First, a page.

Sven Goran Eriksson hopes to finalise a deal this week for a return to club management - and is considering combining the job with coaching Jamaica.
The Independent revealed earlier this month that Eriksson was to be approached by the Jamaican Football Federation who are prepared to pay up to £3m-a-year for the right candidate in an effort to qualify for the World Cup finals in 2010. Initial talks have taken place and Eriksson is understood to be keen on the idea but wants to secure his future in club football first. He will then have to ascertain whether his new club would be willing for him to combine the two posts.
Eriksson has received a number of offers since it was announced that he would be stepping down as England coach after the World Cup and had been linked to the coach's job in South Africa , although that appears likely to be going to the Brazilian Carlos Alberto Parreira.
Eriksson's agent, Athole Still, recently claimed that the Swede had turned down one "Champions' League club" in Europe and confirmed that the Jamaicans had been in touch.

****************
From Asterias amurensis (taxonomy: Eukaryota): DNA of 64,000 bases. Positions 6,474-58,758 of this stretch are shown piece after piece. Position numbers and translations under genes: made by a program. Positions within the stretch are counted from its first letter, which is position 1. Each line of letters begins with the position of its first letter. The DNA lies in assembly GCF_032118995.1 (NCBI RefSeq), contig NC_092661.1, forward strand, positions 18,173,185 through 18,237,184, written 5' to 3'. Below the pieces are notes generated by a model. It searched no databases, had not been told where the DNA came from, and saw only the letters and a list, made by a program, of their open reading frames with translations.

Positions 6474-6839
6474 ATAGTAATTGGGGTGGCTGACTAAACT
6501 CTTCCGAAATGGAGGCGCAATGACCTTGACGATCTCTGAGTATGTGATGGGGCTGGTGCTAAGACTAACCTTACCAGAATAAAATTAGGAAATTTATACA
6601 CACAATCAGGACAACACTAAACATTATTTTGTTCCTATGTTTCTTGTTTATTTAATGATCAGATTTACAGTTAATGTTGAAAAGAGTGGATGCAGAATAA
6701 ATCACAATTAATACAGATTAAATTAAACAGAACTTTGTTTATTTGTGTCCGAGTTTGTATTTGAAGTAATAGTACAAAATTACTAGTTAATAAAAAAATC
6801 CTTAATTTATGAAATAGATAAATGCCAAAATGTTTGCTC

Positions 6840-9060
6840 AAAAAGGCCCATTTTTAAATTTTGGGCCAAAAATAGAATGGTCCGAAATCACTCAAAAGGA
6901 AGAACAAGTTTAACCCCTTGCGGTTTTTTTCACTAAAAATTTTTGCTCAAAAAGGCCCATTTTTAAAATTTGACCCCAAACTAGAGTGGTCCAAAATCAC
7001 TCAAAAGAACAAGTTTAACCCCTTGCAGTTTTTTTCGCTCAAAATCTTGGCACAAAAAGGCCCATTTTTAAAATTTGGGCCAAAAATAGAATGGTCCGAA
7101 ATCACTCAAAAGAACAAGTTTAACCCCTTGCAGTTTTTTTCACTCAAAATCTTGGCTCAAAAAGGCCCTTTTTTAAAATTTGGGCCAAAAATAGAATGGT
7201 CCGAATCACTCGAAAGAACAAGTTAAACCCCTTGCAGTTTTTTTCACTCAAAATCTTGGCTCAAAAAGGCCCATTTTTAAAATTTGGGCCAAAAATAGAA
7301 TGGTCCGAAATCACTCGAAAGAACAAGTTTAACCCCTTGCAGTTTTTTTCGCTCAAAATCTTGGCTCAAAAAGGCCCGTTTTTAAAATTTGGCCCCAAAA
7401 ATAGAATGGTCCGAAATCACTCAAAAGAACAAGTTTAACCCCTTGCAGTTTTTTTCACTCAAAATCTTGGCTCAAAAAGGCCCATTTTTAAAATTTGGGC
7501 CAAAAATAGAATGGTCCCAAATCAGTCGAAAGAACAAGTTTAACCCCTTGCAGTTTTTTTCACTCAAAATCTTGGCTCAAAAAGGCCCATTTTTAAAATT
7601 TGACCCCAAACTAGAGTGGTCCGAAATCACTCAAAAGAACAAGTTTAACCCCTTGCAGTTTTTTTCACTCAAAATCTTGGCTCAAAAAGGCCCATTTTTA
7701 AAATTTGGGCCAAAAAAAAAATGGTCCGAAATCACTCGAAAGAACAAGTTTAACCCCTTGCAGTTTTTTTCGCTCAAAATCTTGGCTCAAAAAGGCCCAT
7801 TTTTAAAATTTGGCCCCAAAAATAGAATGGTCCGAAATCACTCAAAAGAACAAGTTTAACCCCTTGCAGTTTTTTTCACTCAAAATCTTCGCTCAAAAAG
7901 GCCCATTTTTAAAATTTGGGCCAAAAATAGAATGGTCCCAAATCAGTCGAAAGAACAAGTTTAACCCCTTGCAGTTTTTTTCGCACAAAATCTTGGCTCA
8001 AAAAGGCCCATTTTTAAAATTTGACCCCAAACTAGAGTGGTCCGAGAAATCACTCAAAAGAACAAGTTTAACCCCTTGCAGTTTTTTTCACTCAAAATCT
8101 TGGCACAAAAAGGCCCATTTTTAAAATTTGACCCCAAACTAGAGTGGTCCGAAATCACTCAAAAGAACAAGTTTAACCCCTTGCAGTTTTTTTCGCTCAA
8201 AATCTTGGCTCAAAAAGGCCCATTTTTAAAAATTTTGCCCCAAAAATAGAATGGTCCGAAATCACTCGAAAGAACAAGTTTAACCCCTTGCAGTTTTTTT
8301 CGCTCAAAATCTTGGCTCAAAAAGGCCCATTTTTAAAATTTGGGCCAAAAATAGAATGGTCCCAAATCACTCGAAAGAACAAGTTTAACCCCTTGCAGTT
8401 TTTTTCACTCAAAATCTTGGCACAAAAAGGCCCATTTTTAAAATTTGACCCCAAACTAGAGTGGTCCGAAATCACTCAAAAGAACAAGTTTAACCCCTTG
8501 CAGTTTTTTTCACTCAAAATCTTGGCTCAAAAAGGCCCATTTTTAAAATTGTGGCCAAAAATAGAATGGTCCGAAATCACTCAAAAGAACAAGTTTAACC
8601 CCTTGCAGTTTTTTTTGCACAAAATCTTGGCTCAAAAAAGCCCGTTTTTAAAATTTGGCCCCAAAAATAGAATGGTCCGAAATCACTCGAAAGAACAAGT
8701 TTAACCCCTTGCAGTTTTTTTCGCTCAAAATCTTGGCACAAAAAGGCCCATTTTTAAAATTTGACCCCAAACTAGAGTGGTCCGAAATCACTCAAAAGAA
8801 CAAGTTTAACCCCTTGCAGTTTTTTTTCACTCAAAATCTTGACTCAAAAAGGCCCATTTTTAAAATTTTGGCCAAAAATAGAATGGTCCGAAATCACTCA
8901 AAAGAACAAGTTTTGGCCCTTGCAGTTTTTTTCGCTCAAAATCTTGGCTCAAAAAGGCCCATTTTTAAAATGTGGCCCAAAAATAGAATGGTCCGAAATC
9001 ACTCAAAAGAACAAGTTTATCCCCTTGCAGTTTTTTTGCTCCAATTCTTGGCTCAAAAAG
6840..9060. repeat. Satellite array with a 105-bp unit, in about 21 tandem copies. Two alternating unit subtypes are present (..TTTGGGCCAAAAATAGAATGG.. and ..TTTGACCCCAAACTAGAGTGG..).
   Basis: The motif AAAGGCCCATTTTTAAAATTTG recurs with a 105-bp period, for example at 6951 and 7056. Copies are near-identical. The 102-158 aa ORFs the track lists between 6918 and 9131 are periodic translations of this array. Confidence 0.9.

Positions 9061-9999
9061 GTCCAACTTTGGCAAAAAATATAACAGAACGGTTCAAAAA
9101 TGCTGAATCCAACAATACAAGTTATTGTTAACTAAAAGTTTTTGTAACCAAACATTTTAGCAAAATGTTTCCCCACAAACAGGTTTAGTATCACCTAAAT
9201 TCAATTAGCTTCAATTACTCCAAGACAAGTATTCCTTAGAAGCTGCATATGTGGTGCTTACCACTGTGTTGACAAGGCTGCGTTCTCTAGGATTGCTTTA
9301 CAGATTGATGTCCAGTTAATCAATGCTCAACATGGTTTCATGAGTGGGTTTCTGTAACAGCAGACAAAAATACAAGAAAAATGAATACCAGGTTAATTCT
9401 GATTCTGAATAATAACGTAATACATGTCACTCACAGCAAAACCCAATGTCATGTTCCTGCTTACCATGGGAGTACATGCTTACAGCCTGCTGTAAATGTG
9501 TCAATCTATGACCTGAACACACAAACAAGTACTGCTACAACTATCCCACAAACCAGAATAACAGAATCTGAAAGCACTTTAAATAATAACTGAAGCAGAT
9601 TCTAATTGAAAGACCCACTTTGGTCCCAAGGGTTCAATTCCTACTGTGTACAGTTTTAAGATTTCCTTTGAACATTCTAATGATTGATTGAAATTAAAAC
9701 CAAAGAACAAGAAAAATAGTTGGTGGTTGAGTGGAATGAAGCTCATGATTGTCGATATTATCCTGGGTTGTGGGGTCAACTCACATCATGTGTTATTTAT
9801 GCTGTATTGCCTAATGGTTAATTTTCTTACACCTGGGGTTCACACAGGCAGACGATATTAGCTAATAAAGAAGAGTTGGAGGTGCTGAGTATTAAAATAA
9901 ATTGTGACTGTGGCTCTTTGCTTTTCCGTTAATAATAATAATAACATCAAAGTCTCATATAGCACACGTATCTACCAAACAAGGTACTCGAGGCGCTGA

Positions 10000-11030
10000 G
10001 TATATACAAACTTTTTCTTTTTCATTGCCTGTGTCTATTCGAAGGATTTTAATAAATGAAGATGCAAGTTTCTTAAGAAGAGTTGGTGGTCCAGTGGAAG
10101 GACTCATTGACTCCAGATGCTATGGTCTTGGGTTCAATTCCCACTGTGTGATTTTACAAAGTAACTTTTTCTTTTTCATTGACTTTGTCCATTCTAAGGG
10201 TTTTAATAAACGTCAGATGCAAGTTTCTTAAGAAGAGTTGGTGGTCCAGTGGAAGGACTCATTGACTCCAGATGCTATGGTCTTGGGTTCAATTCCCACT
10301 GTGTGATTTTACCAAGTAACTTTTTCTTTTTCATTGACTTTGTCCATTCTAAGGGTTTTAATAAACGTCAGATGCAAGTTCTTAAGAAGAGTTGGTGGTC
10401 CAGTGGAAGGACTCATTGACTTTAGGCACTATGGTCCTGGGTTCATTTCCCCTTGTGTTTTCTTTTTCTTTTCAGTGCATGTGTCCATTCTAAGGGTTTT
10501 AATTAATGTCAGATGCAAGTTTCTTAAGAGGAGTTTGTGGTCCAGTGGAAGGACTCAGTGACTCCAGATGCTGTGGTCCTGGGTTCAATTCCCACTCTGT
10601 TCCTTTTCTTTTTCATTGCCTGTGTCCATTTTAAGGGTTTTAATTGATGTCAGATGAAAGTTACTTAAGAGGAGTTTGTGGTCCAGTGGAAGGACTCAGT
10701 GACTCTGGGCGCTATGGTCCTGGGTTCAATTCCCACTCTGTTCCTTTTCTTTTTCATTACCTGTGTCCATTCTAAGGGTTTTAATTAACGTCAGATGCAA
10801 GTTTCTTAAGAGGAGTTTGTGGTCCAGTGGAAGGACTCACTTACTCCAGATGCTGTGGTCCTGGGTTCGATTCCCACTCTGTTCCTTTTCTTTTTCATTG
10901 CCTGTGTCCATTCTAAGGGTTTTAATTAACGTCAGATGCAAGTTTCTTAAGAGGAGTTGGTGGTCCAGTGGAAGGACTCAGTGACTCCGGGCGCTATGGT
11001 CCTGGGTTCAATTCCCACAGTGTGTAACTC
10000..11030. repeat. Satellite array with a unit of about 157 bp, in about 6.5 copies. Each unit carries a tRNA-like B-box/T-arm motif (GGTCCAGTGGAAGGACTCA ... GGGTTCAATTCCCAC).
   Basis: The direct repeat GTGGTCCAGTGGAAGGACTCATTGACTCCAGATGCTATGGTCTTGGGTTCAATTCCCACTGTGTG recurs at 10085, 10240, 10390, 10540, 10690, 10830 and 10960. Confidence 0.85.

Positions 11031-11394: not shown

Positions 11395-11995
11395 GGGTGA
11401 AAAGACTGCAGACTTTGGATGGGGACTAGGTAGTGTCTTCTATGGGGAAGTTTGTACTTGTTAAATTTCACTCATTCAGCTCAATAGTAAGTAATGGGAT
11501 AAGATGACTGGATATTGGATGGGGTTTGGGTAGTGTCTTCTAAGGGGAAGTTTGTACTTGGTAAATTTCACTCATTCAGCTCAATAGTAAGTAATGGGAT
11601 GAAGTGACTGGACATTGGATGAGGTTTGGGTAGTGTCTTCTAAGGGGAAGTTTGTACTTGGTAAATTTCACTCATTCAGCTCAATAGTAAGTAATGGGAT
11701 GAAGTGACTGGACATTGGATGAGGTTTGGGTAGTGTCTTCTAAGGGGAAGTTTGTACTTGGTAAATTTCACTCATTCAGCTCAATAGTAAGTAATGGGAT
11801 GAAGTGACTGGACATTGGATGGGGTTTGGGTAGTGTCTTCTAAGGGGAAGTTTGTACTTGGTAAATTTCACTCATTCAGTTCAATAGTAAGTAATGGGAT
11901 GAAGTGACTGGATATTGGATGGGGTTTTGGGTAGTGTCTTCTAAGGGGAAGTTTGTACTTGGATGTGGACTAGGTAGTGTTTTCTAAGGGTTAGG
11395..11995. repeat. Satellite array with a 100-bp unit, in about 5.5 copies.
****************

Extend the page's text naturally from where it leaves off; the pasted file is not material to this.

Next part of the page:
It is unclear whether the club Eriksson is now linked with is in England or, as is more likely, in either Spain, Italy or Portugal.
Eriksson has made plain that he wants to go back into club management after six years with England but is hoping to combine the job with the Jamaican post. It would seem an unlikely move but the Jamaicans are serious in their approach and have secured funding from their government who recognise the value of reaching the finals, for sporting and economics reasons, especially as they are being held for the first time in Africa.
An original shortlist was drawn up, which included John Gregory, and from it the former England international John Barnes, who was born in Jamaica, become the front-runner.
But after this summer's World Cup the Jamaicans decided to aim for a higher-profile manager. Eriksson now heads a shortlist which also includes Glenn Hoddle, who recently left Wolverhampton Wanderers, Jose Pekerman, who resigned as Argentina coach after the World Cup, and Foppe de Haan, the highly respected Dutch Under-21s coach.Reuse content